Hey guys! I’m back with another bookhaul. It seems like forever since I’ve done one of these. I really need to get a charger for my laptop asap. Today I bought 9 books from my work and I can’t wait to read them!!!
The Women’s Murder Club is stalked by a killer with nothing to lose.
San Francisco Detective Lindsay Boxer is loving her life as a new mother. With an attentive husband, a job she loves, plus best friends who can talk about anything from sex to murder, things couldn’t be better.
Then the FBI sends Lindsay a photo of a killer from her past, and her happy world is shattered. The picture captures a beautiful woman at a stoplight. But all Lindsay sees is the psychopath behind those seductive eyes: Mackie Morales, the most deranged and dangerous mind the Women’s Murder Club has ever encountered.
In this pulse-racing, emotionally charged novel by James Patterson, the Women’s Murder Club must find a killer–before she finds them first.
Everyone thinks Emmy Dockery is crazy. Obsessed with finding the link between hundreds of unsolved cases, Emmy has taken leave from her job as an FBI researcher. Now all she has are the newspaper clippings that wallpaper her bedroom, and her recurring nightmares of an all-consuming fire.
Not even Emmy’s ex-boyfriend, field agent Harrison “Books” Bookman, will believe her that hundreds of kidnappings, rapes, and murders are all connected. That is, until Emmy finds a piece of evidence he can’t afford to ignore. More murders are reported by the day–and they’re all inexplicable. No motives, no murder weapons, no suspects. Could one person really be responsible for these unthinkable crimes?
Invisible is James Patterson’s scariest, most chilling stand-alone thriller yet.
Entrancing in its lyricism, In Sunlight and in Shadow so powerfully draws you into New York at the dawn of the modern age that, as in a vivid dream, you will not want to leave. In 1946, Harry Copeland has returned after fighting in the 82nd Airborne from North Africa all the way to the Elbe. Reluctantly assuming the direction of the family fine leather goods manufacture, he finds his life unsatisfactory and on hold – until he is “accidentally” united with Catherine Thomas Hale, the woman for whom he has been waiting all his life, although the forces behind his patience have never been revealed to him. A young actress, singer, and heiress, she has been waiting for him, even if she has known this only in flashes that do not come clear to her until the end of the narrative, and that have not prevented her engagement to a much older man who has been taking advantage of her since childhood.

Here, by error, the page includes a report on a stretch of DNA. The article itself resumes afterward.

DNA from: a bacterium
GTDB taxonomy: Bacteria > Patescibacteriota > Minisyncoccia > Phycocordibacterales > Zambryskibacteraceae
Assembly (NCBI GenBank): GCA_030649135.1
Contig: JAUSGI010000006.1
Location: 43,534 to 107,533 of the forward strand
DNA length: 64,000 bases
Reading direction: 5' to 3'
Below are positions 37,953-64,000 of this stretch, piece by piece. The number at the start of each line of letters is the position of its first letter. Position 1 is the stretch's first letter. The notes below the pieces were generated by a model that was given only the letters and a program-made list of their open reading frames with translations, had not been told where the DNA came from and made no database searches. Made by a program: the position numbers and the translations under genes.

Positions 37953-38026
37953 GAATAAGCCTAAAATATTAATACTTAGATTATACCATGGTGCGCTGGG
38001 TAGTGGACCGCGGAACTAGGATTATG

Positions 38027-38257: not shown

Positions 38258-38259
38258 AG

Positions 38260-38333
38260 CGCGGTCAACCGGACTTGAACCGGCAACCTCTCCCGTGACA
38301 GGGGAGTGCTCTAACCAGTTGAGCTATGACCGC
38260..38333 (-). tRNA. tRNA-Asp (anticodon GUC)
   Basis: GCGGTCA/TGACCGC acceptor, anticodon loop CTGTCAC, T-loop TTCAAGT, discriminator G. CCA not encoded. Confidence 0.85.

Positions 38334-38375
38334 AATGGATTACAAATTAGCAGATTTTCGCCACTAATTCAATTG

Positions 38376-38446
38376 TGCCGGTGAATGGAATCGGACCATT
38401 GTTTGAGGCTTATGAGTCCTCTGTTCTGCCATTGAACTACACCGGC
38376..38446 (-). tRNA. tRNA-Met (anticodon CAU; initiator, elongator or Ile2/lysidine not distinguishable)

The meeting of Catherine and Harry, their courtship, and their intense love, play out on the stage of New York awakening at mid-century – in the deep worlds of the theater, industry, and high finance, and during the collision of aristocratic New York society with the formidable wave of second-generation, fully assimilated Jews. Though after being broken in the war Harry wants nothing but peace, family, and love, organized crime carries on its extortions as always, even in a city now full of the kind of men who stormed the Point du Hoc and the Siegfried Line. This becomes his moral and physical struggle. While Catherine’s is of a different nature, it is just as consequential, and the courage required of her is perhaps even greater.